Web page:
The Ziggy Table and Stool Easily Adapt to Any Work Situation

05.20.20 | By
The Ziggy Table and Stool Easily Adapt to Any Work Situation

We’re all entering a brave new world when it comes to the office environment and no doubt big changes are going to come as restrictions ease allowing businesses to open back up. Luckily, many companies have already been prioritizing adaptability to keep up with the needs of their ever-evolving workspaces and employees. To help with that, incorporating pieces that are versatile is key. The Ziggy Table and Ziggy Stool, designed by Brad Ascalon for Hightower, are compact pieces that keep all of that in mind. The geometric duo are both fun and functional and can easily be moved around as needed for solo work or brought together to collaborate with others.

The Ziggy Table and Stool are lightweight making them perfect to create a portable workspace when needed. The table can be used to hold a laptop for working or as a simple side table. Its intentional 60-degree angle allows up to six tables to fit together like a pie when a larger surface is needed. When not in use, up to four tables can stack to save space.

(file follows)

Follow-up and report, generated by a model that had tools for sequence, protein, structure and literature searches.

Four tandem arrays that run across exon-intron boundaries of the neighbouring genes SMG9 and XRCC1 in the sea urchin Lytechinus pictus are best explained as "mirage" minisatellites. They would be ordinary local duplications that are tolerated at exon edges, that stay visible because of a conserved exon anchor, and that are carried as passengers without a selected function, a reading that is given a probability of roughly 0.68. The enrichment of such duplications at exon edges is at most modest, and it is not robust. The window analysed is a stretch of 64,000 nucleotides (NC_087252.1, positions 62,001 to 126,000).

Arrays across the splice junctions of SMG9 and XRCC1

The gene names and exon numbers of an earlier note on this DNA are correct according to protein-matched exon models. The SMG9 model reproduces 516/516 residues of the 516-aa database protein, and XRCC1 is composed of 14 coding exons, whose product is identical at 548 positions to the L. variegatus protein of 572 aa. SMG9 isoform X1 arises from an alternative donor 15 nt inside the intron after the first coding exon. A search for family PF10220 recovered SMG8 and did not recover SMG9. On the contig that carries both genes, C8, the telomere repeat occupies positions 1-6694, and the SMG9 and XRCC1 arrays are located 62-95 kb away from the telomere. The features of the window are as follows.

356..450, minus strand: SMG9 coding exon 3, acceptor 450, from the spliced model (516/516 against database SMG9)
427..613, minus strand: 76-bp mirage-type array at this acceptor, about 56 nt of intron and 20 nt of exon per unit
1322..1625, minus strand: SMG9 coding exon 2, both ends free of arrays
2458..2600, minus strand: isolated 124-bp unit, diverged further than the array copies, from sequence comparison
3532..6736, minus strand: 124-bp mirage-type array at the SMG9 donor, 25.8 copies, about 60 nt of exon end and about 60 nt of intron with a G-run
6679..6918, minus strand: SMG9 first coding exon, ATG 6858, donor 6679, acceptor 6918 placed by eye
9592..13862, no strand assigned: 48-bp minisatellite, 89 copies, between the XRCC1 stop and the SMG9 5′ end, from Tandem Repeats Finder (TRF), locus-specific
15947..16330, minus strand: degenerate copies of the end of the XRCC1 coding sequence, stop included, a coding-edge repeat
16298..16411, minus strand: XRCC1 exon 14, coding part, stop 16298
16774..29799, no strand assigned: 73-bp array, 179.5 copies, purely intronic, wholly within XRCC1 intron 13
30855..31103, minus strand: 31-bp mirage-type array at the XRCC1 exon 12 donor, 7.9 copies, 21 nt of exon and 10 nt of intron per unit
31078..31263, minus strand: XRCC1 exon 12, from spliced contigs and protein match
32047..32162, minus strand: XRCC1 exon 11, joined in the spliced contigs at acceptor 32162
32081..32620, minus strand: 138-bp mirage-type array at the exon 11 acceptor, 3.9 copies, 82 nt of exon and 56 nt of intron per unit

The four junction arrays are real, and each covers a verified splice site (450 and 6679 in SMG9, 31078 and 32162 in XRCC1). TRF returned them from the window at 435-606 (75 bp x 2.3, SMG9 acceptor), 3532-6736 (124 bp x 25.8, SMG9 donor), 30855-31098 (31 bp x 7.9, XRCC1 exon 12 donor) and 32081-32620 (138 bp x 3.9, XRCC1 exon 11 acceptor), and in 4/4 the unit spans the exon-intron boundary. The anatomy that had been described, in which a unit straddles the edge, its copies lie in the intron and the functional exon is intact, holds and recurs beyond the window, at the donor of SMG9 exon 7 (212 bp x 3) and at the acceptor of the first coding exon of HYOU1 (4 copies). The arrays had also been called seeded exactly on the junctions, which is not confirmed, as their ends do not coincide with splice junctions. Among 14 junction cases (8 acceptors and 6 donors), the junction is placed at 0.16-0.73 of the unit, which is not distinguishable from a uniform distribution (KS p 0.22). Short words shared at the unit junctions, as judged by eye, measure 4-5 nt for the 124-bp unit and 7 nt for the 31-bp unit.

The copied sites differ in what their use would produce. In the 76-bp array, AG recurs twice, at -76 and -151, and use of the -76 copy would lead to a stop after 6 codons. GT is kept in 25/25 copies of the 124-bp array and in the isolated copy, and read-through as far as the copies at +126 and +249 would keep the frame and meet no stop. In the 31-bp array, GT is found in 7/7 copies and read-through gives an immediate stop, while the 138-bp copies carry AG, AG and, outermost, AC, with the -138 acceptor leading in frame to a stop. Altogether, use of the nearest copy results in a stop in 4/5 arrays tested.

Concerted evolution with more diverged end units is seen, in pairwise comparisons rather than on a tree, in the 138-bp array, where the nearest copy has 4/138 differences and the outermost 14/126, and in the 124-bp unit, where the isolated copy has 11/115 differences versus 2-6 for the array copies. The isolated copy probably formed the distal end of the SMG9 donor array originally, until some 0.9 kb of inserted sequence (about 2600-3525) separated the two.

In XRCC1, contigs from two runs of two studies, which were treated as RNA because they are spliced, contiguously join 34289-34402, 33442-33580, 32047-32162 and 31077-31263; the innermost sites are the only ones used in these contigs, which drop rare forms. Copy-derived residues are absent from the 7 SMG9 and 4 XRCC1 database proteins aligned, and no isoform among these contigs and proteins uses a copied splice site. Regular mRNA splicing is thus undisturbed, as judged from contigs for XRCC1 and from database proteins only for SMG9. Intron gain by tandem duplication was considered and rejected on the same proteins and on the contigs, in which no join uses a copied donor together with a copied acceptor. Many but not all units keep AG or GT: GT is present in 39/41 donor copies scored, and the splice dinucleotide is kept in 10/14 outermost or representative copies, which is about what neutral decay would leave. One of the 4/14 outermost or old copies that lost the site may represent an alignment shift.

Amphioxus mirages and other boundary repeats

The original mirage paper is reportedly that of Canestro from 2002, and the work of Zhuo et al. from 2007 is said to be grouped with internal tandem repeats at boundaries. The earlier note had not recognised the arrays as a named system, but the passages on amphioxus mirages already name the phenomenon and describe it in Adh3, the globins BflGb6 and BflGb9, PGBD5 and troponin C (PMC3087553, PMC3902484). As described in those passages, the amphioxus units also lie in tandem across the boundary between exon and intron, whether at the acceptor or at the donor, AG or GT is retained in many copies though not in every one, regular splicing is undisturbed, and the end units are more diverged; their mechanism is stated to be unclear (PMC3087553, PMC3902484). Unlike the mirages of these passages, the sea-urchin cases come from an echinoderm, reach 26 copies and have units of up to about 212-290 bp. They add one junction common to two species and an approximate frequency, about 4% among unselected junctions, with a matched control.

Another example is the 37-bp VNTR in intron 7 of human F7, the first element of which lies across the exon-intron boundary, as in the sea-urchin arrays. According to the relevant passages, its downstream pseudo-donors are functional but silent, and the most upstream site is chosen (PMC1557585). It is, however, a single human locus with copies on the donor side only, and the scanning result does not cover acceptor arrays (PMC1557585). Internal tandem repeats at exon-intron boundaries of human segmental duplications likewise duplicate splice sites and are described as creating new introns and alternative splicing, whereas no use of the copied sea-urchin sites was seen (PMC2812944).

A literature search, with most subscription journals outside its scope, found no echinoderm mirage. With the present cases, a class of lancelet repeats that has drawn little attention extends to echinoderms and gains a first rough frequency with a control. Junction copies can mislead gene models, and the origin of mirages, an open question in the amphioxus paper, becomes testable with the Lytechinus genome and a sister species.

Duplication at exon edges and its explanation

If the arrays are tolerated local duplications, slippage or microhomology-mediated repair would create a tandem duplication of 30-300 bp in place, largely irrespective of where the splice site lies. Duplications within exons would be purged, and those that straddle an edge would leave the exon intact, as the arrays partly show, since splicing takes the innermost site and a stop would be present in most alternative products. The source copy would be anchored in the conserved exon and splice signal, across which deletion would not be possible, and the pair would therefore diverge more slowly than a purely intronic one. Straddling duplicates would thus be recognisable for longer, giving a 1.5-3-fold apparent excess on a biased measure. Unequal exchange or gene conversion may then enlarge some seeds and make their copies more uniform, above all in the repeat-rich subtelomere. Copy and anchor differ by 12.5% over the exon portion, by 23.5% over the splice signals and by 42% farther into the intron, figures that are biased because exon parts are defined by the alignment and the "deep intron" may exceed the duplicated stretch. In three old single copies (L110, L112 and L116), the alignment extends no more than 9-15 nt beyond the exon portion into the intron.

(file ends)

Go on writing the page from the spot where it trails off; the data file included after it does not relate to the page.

The Ziggy Stool features a leather handle with a matching base that’s ready to go wherever you go. Use it with the Ziggy Table or pull it up to a group meeting when extra seating is required. The curved foam top makes for a comfortable seat that will help you make it through long work days or meetings. When not in use, slide the triangular design under the table for safe keeping.

The Ziggy Table has nine tabletop finishes and 10 frame color options to choose from allowing it to fit right in with any office aesthetic. A choice of fabrics can be selected for the Ziggy Stool, as well as a choice between a black or brown leather handle and base.

The Ziggy Table and Ziggy Stool will be available July 2020 through Hightower.

Caroline Williamson is Editor-in-Chief of Design Milk. She has a BFA in photography from SCAD and can usually be found searching for vintage wares, doing New York Times crossword puzzles in pen, or reworking playlists on Spotify.